Thank you. I think Stuart beautifully set out the wider context for where we get our energy from, what I want to do is talk a little bit about what we do with that energy once we have it. And so I’ll be drawing mostly on kind of the Scottish picture and the Scottish context for doing that. Sort of I could have my slides, So what I want to talk about today is about the idea of energy demand. And when I’m talking about demand, I mean, the consumption of energy that we use that supports our everyday life. And understanding demand is really important because this helps us to answer some key questions such as who uses energy? What energy do they use when they use it, and it allows us to understand how we can intervene and shape that consumption. So the graph on this slide here is from Scottish Government data was published last year, and it shows the amount of energy demanded in Scotland, between 2007 and 2020. And what you can see from from the image there is that over that time, overall demand for energy fell, in part that’s because of improved efficiency and fuels in industrial processes in the buildings that we use, also comes down to kind of the impact of economic cycles, energy price raises weather patterns, they can all have an influence in shaping energy demand. So Scottish government set a target to reduce final energy consumption by 12% by 2020, from 2005/2007 baseline. And that’s marked by the orange dotted line there at the bottom of the slide. And you can see from the graph, that consumption actually remains below 12%, which is around 18.7% lower than the baseline. So this is good news. Overall, we’re on track to meet the target and we’re actually consuming less energy. But that type of graph only tells us part of the story, if you can move to next slide, please. If we dig into these data a bit further, and we can explore how total energy consumption in Scotland is derived from different sectors, so from industry, from commerce from domestic and transport sectors, and you can see from the image on this slide that according to the figures on the blue on the right hand side there total energy consumptions dropped by 5.9%, from 2019 to 2020. Most of that decrease was driven by a reduction in demand for transport about 21%, as fewer people traveled during the pandemic, you can also perhaps see a change in the share that other sectors contributed to overall demand. And I just want to draw your attention to the thinking about the domestic sector. And you can see that even though overall energy demand fell for the domestic sector demand actually increased by 2.6% over this period, and I’ve indicated it, they highlighted it hopefully with a red arrow for you to see. Of course, probably the most sensible explanation for this is that people stayed at home more during the pandemic. But this fits with a wider picture around domestic energy demand, which has been has proven quite tricky to reduce overtime. And that’s been the case for many years, we need to investigate this further, not least because of the current crisis and how it’s impacting on people’s energy bills at home that’s very well known in the public domain. So I said earlier that much of the reduction in demand comes from improvement in energy efficiency, and that is also true of our homes. So things like the age of construction, the dwelling type heating and hot water systems in use the extent to which a home is well insulated. That all affects the energy efficiency of this of our homes in our everyday lives. And that has many consequences. Move on to the next slide, please. So it’s great that energy demands decreased. Overall, that’s good news for the environment. However, that reduction in demand has been quite uneven. And part of the reason for that is the quality of our housing stock. And that helps to explain some of the challenges that we’ve had in tackling domestic energy consumption. So the last publicly available from the Scottish household conditions, Dolby was published in 2020. And you can see some of those data on the slide now. And that shows what this image on this slide shows is how energy efficient our homes are. And it uses this, what’s called an energy performance certificate rating. So like any ratings, you will see, when you’re buying a new electrical appliance homes are awarded a rating A to G – A being for the most energy efficient, and G for the worst performing. What you can see on the slide here is that rating for homes in Scotland between 2010 and 2019, the right hand side of the image plots, the median rating for the APC over this time, I’ve put a red rectangle there, just so you can make room see it really clearly, you might be able to see a slight improvement in the score. In fact, in 2019, over half of all Scottish dwellings were rated 69 or better. This means that they fell into band C or above. And that’s the first time and we’ve we’ve achieved that. So more of our homes in Scotland are in better condition. But of course, these are just median scores. And there are homes that fall fall below the C rating around 9% performance in Scotland. But we can’t overlook the fact and we shouldn’t overlook the fact that demand for energy is as much about the way we want to live our lives and the society we live in than about the fabric of our buildings. For example, the size of homes has implications for the amount of space that we need to heat – larger dwellings require greater inputs and costs more to heat. So average space per person in UK Homes has increased by about four square meters over the last 15 years. Homes are getting larger, societal expectations have changed and changing demographics such as the increase of people living alone and living longer is also changing the nature of demand at home for empty. So understanding demand is yes about efficiency and about how where we live in the types of homes that we live. But we also need to ask wider questions about how as society what we see as desirable the types of homes we want to live in, and the types of futures we want to see. That’s me. Thank you.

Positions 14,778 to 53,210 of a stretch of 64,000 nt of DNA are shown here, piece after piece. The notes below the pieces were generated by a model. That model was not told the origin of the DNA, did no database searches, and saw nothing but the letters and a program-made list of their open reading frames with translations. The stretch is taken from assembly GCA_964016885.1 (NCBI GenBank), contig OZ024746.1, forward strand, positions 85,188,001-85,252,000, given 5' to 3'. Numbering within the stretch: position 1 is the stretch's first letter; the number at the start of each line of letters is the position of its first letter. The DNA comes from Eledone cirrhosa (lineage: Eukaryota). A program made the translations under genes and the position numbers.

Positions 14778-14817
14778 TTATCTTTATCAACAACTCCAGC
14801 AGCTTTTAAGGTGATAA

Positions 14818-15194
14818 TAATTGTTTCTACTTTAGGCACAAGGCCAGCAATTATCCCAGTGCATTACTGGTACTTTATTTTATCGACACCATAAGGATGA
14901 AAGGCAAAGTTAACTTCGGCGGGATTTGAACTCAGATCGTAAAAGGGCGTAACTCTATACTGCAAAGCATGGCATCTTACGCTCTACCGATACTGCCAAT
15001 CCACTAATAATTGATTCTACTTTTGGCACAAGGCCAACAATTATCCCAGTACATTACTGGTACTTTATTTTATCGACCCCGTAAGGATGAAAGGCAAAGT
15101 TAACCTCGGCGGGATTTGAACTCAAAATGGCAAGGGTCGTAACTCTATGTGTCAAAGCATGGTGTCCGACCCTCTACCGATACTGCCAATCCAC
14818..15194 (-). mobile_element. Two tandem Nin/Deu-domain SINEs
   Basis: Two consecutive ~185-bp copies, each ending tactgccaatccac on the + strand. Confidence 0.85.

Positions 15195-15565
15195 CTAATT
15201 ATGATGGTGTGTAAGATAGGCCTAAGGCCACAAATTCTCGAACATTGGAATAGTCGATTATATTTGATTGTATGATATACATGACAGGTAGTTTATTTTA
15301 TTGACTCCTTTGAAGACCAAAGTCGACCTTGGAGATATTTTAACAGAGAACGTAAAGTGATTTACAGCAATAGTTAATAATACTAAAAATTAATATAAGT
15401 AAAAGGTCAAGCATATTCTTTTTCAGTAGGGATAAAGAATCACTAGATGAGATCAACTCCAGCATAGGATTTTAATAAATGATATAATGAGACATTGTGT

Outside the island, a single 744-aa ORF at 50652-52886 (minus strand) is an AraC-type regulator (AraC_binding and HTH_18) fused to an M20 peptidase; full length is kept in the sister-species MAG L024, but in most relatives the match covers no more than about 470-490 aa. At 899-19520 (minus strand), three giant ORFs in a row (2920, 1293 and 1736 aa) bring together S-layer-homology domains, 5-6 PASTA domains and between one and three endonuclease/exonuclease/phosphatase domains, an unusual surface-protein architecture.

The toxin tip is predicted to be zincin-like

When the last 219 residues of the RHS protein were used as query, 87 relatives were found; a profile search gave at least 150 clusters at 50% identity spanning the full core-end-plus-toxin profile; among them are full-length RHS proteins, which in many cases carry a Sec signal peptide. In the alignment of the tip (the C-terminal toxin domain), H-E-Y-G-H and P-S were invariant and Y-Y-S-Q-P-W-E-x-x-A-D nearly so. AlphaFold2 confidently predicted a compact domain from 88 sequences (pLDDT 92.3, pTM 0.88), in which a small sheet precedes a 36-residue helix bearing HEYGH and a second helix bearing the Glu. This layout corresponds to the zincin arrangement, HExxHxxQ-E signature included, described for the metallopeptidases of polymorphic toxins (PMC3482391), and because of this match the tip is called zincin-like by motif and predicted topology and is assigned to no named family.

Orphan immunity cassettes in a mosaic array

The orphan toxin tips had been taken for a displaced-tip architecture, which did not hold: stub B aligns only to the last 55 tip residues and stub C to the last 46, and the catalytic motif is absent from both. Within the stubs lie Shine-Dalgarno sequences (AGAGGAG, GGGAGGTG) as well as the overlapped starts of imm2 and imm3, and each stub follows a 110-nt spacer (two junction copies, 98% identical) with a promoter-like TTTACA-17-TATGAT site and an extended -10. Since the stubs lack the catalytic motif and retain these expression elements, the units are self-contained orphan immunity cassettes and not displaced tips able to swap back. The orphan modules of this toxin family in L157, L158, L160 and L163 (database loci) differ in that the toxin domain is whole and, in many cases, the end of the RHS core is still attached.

Professor Peter Cameron 24:44